Fresh vegetables in wood crate, food above
Food - Drink
Why Your Organic Food May Not Actually Be Fully Organic
While organic foods can be more expensive, consumers buy them based on the idea that these foods are healthier, purer, and more natural. However, there is actually a difference between "organic" and "100% organic," and aspects like soil quality, methods of pest control, and more could make your food fully organic — or not.
The USDA states that foods certified as "100% organic" cannot contain artificial preservatives, colorings, or flavorings, and production cannot involve practices like irradiation or genetic engineering. However, while "organic" foods must also be produced using approved methods, they can contain up to 5% non-organic ingredients.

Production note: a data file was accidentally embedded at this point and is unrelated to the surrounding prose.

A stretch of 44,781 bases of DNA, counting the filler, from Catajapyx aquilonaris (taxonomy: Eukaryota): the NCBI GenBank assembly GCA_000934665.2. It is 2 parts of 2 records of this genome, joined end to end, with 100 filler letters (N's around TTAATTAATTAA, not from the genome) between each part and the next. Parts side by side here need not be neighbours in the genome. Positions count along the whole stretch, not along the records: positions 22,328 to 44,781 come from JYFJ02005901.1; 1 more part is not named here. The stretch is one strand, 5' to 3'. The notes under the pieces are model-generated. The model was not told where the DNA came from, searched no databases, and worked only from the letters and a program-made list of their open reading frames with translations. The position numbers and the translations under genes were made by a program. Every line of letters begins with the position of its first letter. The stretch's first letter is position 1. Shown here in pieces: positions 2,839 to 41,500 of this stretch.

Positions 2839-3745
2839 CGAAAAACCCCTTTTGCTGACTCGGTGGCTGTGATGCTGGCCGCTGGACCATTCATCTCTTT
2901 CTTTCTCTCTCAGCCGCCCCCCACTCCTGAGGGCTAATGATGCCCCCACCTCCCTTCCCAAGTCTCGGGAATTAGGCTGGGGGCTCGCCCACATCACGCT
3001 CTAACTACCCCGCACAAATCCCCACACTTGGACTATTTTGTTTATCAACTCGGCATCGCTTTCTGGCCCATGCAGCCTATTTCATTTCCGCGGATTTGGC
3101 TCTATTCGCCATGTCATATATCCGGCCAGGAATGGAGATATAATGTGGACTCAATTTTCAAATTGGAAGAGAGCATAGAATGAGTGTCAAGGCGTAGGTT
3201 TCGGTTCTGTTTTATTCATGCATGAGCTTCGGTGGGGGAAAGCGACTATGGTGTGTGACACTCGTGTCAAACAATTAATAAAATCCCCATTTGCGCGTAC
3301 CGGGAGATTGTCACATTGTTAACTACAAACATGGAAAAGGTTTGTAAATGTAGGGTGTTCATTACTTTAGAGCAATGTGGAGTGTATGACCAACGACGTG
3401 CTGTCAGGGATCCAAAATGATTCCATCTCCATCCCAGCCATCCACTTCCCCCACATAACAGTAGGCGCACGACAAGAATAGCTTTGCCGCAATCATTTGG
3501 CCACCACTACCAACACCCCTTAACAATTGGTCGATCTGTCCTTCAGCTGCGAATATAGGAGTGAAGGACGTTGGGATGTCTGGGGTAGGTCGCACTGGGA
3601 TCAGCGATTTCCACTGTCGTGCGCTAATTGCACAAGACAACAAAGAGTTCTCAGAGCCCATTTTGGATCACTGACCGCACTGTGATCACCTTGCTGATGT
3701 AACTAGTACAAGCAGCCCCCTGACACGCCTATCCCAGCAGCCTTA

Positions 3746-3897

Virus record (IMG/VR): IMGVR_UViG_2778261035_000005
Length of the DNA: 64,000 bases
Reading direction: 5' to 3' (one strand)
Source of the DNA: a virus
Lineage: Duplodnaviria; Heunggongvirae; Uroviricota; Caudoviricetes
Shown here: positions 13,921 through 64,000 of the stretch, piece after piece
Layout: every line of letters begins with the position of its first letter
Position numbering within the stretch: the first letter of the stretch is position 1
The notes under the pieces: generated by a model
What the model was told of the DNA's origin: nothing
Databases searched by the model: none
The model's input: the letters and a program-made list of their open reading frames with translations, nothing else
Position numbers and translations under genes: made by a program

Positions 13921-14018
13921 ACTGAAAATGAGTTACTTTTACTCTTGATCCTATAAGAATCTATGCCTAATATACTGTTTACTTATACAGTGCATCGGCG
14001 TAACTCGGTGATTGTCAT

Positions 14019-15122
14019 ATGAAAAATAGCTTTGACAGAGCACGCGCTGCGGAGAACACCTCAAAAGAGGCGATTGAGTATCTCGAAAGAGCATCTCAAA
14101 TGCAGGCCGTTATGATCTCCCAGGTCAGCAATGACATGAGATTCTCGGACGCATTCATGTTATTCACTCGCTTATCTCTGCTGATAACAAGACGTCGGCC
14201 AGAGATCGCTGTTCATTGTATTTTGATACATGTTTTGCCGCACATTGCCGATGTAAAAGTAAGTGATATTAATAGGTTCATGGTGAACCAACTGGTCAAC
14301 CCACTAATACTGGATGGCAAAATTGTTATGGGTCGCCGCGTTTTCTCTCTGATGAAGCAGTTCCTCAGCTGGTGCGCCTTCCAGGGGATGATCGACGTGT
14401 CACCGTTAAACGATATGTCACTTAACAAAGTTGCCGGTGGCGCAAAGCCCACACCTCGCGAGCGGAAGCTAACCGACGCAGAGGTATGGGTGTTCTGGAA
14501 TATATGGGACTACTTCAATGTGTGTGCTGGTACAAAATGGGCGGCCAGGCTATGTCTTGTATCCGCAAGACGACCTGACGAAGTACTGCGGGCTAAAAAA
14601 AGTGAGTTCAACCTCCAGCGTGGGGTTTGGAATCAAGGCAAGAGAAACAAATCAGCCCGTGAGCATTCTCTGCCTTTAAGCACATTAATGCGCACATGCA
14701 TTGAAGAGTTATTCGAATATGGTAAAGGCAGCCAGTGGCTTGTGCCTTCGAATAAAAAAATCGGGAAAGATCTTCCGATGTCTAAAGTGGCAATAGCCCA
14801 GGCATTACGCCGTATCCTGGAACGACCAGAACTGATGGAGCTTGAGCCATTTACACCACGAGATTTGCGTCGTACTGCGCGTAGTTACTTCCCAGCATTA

Beyond that, some foods have the “made with” organic ingredients label, which products can earn by being at least 70% organic and made using no prohibited practices. Understanding the USDA's many different "organic" labels and setting priorities for yourself can help you be informed on the food you choose to buy.